My mom swooped in and encouraged me to get into some dry clothing. She was every bit the mom in that moment. She cooed and soothed. She offered words like “I know” to all of my rants. I am not sure how, but she did manage to calm me down. When I revisited the conversation with my dad, I was patient enough to endure his many questions designed to convince me that my soggy drive home couldn’t possibly have been Ol’Bruiser’s fault.
My dad was a master persuader—or so he thought. His technique was to beat his opponents down with question: one question rephrased in countless different ways. He was like a lawyer who asked the accused the same question over and over until he cracked and admitted guilt. I had seen him do that to the poor guy who sold us Ol’Brusier, and also with the paint guys at the dealership. My placation was short lived, and now that I was dry, my rage was not as much blind as it was ruthlessly lucid.
First he got me to explain, just exactly where the water pooled. His attempts to challenge these facts were met with my wet jeans and undergarment—I invited him to hire a forensic team to examine the water marks and saturation value. He then questioned the manner with which I opened my door, at this point my mom shot him down. Then, he entreated me to examine the exact nature of the weather in that particular area of town. He questioned just where and how I parked. I was incredulous—he really thought I would believe that my parking technique (or lack thereof) could anger the rain gods—seriously? His questions soon went from cagey to downright silly.
Before he could realize it, the tides turned on my dad. I had the upper hand—for once both logic and my mom were on my side. I also had indisputable concrete evidence, and it was highly damning. My dad’s haranguing, circular questioning, and back pedaling started to cough and sputter. I had him right where I wanted him. I hit him up with a question he couldn’t side-step or deflect. I asked, and demanded a response explaining why this highly tarred and fibre-glassed vehicle-reborn could have a hole in such an inconvenient spot.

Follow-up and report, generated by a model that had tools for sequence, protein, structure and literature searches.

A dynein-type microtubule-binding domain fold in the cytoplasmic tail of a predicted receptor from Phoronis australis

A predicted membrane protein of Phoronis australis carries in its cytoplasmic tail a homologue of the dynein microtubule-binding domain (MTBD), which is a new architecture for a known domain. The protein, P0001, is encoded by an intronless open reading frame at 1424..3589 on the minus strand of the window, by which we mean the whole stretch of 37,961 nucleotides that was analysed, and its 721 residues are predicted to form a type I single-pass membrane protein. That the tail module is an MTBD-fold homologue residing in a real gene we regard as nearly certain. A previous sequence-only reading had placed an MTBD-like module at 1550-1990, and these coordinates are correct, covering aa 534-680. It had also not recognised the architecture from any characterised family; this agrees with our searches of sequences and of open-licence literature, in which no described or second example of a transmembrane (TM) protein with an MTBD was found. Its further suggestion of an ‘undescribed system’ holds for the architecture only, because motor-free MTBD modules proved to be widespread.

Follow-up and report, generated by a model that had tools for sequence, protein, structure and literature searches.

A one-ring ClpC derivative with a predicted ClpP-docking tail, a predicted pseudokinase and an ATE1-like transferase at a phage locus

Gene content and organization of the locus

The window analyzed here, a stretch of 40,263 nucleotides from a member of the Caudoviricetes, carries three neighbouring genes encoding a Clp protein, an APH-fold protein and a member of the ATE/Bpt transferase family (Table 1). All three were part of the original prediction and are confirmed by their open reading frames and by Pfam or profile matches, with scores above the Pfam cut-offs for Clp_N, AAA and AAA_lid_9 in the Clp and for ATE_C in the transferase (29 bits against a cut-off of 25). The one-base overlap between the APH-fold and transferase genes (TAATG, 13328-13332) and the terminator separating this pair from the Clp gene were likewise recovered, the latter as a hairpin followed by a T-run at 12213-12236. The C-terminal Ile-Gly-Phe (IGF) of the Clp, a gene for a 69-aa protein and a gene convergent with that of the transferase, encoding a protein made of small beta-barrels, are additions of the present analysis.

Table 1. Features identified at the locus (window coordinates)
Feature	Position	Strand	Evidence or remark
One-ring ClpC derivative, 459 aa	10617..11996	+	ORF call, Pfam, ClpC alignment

He sat pondering, and then he answered: “hmmmmm…..well…. that shouldn’t happen.” Really Sherlock? That is your grand assessment—“that shouldn’t happen”? Wow, talk about your hollow victories. Turns out that this was as close anyone had ever gotten to getting my dad to admitting responsibility—for anything. The phrase “hmmph—well that shouldn’t happen” would soon become his staple phrase, and I was there for its inaugural launch.
There were many incidents filed under “Hmmmph…that shouldn’t happen”. Engine timing issues that caused random stalling, engine timing issues that caused random acceleration, strange smells, and odd clunking sounds. Twice, while encountering cars driving the wrong way down a one-way, my horn failed to work, and one cold and stormy evening—my brakes failed. To my credit, in those moments my actions prevented things from being far worse than you would normally expect. In the case of the cars barrelling towards me on the one way—a blink of my high-beams was enough to jar them back to reality and out of my way. With the case of brake failure, I was able to combine down-shifting and the use of my hand brake to safely find my way home.
In all instances, my mom was in the room listening to my stories of surviving the ‘that shouldn’t happenings’ of Ol’Bruiser. Her eyebrows arched at the no-horn story, but during the story of brake failure, she did not hold her tongue. She, in fact, flew into a rage. The thought of her baby driving a vehicle that had no brakes poked the “mama bear” in her. “THAT shouldn’t happen?! REALLY? Our daughter narrowly escapes death and destruction and all YOU have to offer her is ‘that shouldn’t happen’?—No-no, don’t start going on about what a good driver she is that she can handle it. No driver should have to handle crap like that! How would you have felt if she hadn’t of been able to stop? What would you say at her funeral—That shouldn’t happen?!…” She went off on him and shamed him in all kinds of ways.
When my mom was done with him, my dad hung his head like a whipped dog. He came up to me, handed me the keys to his car and said, “you can drive her to school while I repair your brakes—you will help me when you are not in school, and together we will get Ol’Bruiser up and running again.” It was my dad’s way of apologizing. My mom made him see the error of his ways, and he genuinely felt bad about it. As for me, I was happy to help my dad work on the car. It would be cold, dirty, and I would be subjected to more information than I could handle, but it would be sweet relief from driving my dad’s delicate little dream car.